When the AIDS virus is first discovered in AHS: NYC, we see a doctor played by Billie Lourd informing her colleague of a rapidly evolving microbe that has infected the deer on Fire Island. She fears the worst, so she informs officials, telling them that they need to kill the entire population to keep it from spreading to humans. But she already had a waiting room full of patients with skin rashes indicative of an HIV infection. As she's documenting the cases, she receives a phone call from Fran, a lesbian activist who had been pressuring a gay newspaper to report on women's issues. She believes that the virus was created by the American government to attack the gay community.
It's a genius idea for many reasons. Conspiracies about the AIDS virus were everywhere in the 80s and 90s. Hate groups of all types said their targets created it. The religious right used it as a sign that God wanted to kill off gays. It was politicized. People decided to teach kids about the virus in school. Everyone seized on the opportunity to press their own agenda. Second graders were taught how to use condoms in one state. In other states, they had puppet shows about the evils of sodomy. What happened was America created its own superstitious mythos surrounding the virus, and it stuck because it matched the public's worldview. They wanted to believe it. This went on for 20 years.
In the beginning, this was mostly used as a weapon against homosexuals and anyone that politicians deemed immoral. That's what makes Murphy and Falchuk's idea so appealing. They are turning the tables by creating a modern mythos surrounding equality instead of bigotry, and superstition has a power of its own. It's infectious. It sticks. AIDS conspiracies had the same M.O. as the virus. They spread fast, and they did not go away. There are still entire world regions that believe all sorts of creepy lies about it. By tapping into this phenomenon, Murphy and Falchuk are working to create a storyline that will leave an impression and resonate with the American public.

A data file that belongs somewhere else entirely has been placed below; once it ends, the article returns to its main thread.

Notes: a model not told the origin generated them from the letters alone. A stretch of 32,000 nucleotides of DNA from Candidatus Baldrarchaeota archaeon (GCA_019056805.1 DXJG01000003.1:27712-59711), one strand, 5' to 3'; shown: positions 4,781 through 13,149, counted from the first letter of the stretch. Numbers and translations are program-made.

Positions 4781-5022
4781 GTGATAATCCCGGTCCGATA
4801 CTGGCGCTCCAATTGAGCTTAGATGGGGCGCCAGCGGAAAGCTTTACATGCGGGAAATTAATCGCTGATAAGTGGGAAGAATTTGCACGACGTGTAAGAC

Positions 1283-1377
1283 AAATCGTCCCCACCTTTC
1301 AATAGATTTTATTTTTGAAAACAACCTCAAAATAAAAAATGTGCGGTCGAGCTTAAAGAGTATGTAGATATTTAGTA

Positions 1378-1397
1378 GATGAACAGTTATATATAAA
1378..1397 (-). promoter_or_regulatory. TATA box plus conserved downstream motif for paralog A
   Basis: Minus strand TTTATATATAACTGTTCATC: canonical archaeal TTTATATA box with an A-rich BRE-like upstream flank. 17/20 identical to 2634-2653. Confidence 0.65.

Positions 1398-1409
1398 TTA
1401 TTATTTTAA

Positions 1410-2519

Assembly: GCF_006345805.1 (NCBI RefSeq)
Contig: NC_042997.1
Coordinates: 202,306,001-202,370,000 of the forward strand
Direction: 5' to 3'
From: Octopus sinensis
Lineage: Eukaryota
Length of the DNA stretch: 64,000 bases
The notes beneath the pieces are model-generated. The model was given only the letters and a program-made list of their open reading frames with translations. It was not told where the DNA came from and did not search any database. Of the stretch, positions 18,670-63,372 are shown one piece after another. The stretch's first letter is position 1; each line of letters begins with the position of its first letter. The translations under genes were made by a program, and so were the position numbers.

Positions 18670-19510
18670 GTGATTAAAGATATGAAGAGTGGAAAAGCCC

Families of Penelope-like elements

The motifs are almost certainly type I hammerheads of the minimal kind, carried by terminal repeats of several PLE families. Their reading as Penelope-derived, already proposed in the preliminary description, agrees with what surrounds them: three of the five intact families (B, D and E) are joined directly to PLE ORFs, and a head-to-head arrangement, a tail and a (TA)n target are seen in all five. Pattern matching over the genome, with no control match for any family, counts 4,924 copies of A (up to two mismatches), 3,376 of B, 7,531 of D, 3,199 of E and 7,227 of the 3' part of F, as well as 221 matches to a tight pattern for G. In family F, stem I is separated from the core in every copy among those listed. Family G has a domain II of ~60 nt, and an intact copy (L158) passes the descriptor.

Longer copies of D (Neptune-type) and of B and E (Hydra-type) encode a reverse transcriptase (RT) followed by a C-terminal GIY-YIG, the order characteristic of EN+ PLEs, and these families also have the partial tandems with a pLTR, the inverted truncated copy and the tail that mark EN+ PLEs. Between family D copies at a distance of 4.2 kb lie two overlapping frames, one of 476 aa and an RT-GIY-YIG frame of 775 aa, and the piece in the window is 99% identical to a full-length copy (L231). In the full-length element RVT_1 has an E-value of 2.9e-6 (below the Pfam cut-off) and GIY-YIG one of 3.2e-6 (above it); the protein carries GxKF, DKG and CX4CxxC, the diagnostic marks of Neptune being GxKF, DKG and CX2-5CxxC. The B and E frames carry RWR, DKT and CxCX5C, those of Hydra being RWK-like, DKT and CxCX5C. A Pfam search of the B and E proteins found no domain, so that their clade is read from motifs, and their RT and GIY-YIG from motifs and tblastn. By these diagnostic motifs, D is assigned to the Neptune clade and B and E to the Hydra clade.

Ryan Murphy has talked extensively about his experience during the the epidemic. In a 2015 speech he gave to amfAR, The Foundation for AIDS Research, he talked about how he owes much of his success to the HIV/AIDS crisis. He has said that it drove him. He didn't think that he had a future. He was in his 20s, and everyone around him was getting sick and dying. He'd go to the hospital regularly for blood draws and have a panic attack each time. He'd waste away from nerves, begging God to save his friends and make his test come out negative. He'd promise that he'd work for an AIDS hotline, give money, and do more. That became his philosophy; he would do more, and so he kept doing more and more, until he got into the position he is today.
This is a cause that is very near and dear to his heart. That's why he created 'Pose,' a historical drama, which essentially had us fall in love with a dying community. That struck an old, harsh chord among those who lived through those days.
'NYC' is different. It's not an old song that Murphy wants us to listen to. He's already depicted the epidemic. Now he's creating a new symphony, toying with old themes, altering history, and playing with our emotions. We don't know what direction it will take, but if he's going to use something he cares this much about, we can bet he put his heart and soul into it. Expect this season to be good.